So how bad is metal theft in California? Get this: In April, a house in San Bernardino County burned to the ground because firefighters couldn’t hook their hoses to a hydrant. Metal thieves had stolen the hydrant’s couplings. In May, thieves stole valves from a holding tank at a Richmond chemical plant, spilling 350 thousand gallons of toxic chemical into San Pablo Bay. Across the state, school districts are spending millions repairing air conditioning systems vandalized by copper thieves.
To crack down on metal thieves, Modesto Assemblyman Tom Berryhill has introduced a bill that would require scrap metal dealers to take pictures of scavengers, and the metal scavengers sell to them, and take their thumb prints.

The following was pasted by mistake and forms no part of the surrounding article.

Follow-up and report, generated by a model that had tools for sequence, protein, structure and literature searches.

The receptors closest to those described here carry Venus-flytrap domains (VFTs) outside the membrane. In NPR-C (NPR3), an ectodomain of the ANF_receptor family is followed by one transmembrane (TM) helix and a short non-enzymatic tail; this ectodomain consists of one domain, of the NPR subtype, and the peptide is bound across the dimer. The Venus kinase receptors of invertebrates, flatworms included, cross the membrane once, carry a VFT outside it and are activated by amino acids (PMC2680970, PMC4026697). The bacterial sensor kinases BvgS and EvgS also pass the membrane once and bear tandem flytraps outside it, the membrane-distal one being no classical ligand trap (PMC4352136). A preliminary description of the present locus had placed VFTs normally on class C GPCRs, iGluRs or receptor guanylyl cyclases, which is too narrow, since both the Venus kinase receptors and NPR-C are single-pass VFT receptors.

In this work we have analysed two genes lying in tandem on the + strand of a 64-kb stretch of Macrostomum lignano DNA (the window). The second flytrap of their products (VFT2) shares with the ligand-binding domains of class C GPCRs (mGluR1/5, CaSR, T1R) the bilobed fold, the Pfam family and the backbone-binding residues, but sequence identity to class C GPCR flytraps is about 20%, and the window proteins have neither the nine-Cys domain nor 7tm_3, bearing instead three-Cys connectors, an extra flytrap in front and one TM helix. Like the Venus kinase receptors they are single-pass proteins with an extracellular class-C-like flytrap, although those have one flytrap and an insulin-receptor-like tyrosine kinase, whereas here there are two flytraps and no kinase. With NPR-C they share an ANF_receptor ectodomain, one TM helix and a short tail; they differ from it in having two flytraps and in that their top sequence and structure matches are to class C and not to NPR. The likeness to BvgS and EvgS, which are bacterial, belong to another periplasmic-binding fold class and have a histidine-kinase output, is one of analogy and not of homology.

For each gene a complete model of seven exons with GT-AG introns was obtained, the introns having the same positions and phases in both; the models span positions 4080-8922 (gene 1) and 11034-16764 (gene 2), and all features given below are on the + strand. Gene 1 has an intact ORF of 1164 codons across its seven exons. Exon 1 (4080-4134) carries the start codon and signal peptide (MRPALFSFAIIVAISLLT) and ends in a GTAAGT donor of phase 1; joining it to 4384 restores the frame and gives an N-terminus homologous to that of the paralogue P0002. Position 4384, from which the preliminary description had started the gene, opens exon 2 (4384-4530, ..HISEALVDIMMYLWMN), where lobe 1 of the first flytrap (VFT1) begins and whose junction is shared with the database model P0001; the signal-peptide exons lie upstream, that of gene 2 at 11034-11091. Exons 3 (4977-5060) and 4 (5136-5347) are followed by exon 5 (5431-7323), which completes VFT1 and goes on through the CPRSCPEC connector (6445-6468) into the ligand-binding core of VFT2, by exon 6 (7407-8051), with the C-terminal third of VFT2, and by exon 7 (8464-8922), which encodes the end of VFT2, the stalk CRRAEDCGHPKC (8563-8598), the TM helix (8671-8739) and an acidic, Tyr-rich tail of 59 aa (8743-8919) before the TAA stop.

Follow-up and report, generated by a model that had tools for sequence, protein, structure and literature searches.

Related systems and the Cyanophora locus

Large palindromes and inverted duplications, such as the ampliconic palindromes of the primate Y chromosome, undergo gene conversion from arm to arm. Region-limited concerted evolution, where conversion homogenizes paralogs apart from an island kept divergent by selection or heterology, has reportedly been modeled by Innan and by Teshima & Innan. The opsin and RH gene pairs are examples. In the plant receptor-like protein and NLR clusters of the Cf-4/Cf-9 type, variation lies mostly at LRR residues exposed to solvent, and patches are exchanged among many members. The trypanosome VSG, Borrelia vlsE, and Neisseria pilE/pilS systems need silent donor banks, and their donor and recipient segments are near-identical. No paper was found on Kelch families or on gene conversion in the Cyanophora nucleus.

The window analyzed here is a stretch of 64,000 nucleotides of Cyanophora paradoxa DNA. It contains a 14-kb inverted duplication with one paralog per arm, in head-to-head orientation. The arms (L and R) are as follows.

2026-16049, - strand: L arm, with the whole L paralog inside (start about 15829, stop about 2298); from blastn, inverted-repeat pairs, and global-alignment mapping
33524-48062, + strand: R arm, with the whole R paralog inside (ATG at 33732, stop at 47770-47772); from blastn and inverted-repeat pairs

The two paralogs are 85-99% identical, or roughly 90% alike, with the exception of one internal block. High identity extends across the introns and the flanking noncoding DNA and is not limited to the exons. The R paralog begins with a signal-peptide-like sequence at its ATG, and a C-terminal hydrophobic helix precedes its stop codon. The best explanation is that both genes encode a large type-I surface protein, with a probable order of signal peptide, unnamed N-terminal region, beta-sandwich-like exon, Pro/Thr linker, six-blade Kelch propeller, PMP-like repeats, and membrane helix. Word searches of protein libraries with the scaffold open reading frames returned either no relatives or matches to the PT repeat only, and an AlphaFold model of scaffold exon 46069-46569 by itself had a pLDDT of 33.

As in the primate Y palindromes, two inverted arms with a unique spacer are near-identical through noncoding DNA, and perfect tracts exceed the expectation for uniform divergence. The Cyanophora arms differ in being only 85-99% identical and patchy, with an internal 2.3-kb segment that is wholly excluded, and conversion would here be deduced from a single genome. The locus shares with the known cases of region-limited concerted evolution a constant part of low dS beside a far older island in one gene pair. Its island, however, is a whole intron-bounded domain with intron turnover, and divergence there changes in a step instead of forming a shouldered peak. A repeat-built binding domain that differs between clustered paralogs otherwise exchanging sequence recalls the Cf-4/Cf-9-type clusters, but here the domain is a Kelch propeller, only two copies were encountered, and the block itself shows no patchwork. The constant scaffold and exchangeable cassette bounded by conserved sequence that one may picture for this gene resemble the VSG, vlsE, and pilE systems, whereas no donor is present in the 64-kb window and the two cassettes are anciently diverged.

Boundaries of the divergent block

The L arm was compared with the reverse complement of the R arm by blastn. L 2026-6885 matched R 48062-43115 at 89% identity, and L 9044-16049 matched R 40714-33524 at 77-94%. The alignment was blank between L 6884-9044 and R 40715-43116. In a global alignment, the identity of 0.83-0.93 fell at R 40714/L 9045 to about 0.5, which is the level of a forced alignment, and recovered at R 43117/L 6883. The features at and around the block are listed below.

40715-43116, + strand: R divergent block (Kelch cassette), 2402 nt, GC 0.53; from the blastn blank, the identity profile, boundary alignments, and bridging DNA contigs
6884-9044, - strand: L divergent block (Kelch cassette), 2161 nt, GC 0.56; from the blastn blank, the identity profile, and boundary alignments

The American Civil Liberties Union objects. It complains the thumbprint provision delegates police powers to private businesses. But pawnshop operators have been required to take thumbprints from people who sell them second-hand goods for years, for obvious reasons. The goods may be stolen.
Given the dangerous uptick in metal thefts, anyone who shows up with a truckload of scrap metal should be treated with extreme suspicion. Berryhill’s bill is a modest effort to deal with a serious problem. It deserves to become law.
Ginger Rutland writes for The Sacramento Bee opinion pages.